Short of experience but not lacking in confidence after some good performances in recent international events, Indian Lawn Bowls players are aiming to win a Commonwealth Games medal in their very first appearance in the multi-sporting event in Delhi next month.
The competition will be tough with the Australians and the Malaysians favourites to win most of the medals but given the current form of Indian players and favourable surface, the 16-member squad would look to exploit the home advantage to open their medal account in the Games.
The Indian team which officially came into existence less than three years ago have come a long way since then, winning the Asian Lawn Bowls Championship in Shenzen, China in 2009 besides coming up with a commendable performance in the Asia-Pacific Championship, also last year.
The team under the guidance of Australian coach Richard Gale finished fourth in Ladies Triple event at the eight-nation meet in the capital this year in April.
Teenagers Tania Chowdhury and Farzana Khan, among the eight women in the squad, are India's best medal hopes in the triples and individual categories respectively.
While Tania won a silver in the Asia-Pacific Championship in August last year in Kuala Lumpur and finished fourth in Ladies triple section at the eight-nation event in April, Farzana came up with some good performance in the individual category in the eight-nation championship, narrowly losing her semi-final playoff to Malaysia's world number four Siti Ahmad.
Coach Gale, who has been working closely with the Indian team over the past 18 months, said the team has developed the required skills and confidence to make an impact in front of the home crowd.
"The team is training hard to bring India its first medal in the Commonwealth Games. We know we are short of experience given the likes of the Australians, New Zealanders and Malaysians but we are confident of performing well," he said.
"Couple of exposure trips have also helped a team a lot in the recent times. We won the championship in Shenzen and also came up with a commendable show in the Asia-Pacific championship. We are ready to compete against a top-class field.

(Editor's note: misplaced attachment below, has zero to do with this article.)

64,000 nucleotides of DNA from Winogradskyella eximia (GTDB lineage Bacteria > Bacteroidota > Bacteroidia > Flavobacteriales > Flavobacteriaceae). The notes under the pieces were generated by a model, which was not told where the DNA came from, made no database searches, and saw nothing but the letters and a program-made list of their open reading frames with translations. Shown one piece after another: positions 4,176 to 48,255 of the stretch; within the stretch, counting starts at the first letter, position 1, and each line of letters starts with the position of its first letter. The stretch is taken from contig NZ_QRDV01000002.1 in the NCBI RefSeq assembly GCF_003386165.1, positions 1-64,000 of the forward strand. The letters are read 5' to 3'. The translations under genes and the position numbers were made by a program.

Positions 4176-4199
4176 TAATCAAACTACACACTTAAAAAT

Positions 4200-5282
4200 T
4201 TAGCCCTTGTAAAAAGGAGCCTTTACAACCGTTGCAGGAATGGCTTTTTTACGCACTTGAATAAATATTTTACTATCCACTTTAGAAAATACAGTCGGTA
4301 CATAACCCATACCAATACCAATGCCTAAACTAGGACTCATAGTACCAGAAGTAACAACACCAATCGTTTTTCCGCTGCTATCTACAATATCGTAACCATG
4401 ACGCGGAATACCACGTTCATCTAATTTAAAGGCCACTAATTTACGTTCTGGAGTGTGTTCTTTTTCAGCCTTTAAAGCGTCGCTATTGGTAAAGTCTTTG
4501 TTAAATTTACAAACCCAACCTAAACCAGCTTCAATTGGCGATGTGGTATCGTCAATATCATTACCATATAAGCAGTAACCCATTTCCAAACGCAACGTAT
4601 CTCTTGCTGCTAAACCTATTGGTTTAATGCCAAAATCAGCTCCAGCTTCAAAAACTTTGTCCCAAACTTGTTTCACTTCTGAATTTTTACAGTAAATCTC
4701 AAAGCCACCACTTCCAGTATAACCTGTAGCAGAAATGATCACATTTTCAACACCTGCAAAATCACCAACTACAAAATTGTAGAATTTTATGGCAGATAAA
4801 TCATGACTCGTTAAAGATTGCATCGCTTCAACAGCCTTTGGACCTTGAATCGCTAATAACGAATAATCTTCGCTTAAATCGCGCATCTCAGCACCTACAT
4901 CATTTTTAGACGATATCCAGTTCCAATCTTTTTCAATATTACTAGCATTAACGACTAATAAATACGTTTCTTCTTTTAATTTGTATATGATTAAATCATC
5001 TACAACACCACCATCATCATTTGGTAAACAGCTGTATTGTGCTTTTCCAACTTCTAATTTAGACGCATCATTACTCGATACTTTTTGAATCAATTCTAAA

"The food supplements, weather conditions and the surface will surely work to our confidence. Our women's team is stronger than the men's team and overall we are hoping to win 2-3 medals," Gale said, exuding confidence.
The Lawn Bowling Federation of India president Sunaina Kumari said that the entire squad has come a long way in these three years in terms of performance and experience and it's time to take on some of the best teams in the world.
"There are three events each for men and women -- singles, doubles and triples -- in the Commonwealth Games. A total of 18 medals will be up for grabs, nine each for men and women. So we are expecting three medals, one each in men's pairs, women's triple and women's singles," Kumari said.
"At least we expect a podium finish by the girls as men's event offers some strong competition given the likes of the Aussies, the Kiwis and the Britons. Ranchi boy Sunil Kumar is a medal hope in men's pairs," she said.
The Indian squad will participate in the women's singles, women's pairs, women's triple, men's singles, men's pairs and men's triples events.
Before moving to Delhi in March, they trained in Guwahati, putting in long hours on the pitch to understand the nuances of the game and improve their style of play.
Gale said the facilities provided by the organisers at the Jawaharlal Nehru Stadium complex, the venue for the event, have helped the players.
"This synthetic surface is great. It's a superior turf with no problem. The competition arena at the JLN stadium is as good as any in the world," the Australian said.
Lawn Bowls has been in all Commonwealth Games except in Kingston in 1966. It will have six events to be played on Synthetic Green turfs that have been built specially for the event. The surface has been highly rated by international experts.
There are three basic bowling techniques -- the aimed ball along the ground, the high arc and the power shot. Points are scored by rolling the ball as close as possible to a smaller ball called the 'Jack'.
The professional format is a best of three sets, with none ends in each set. A set is awarded to the player/team with the maximum scoring shots at the end of the 9 ends. In the case of a tie at the end of the sets, a three-end tie-breaker is played to decide the winner.
Image: Image: Yvonne Derksema plays a shot during a game of barefoot lawn bowls at a bowling club in Manly in Sydney.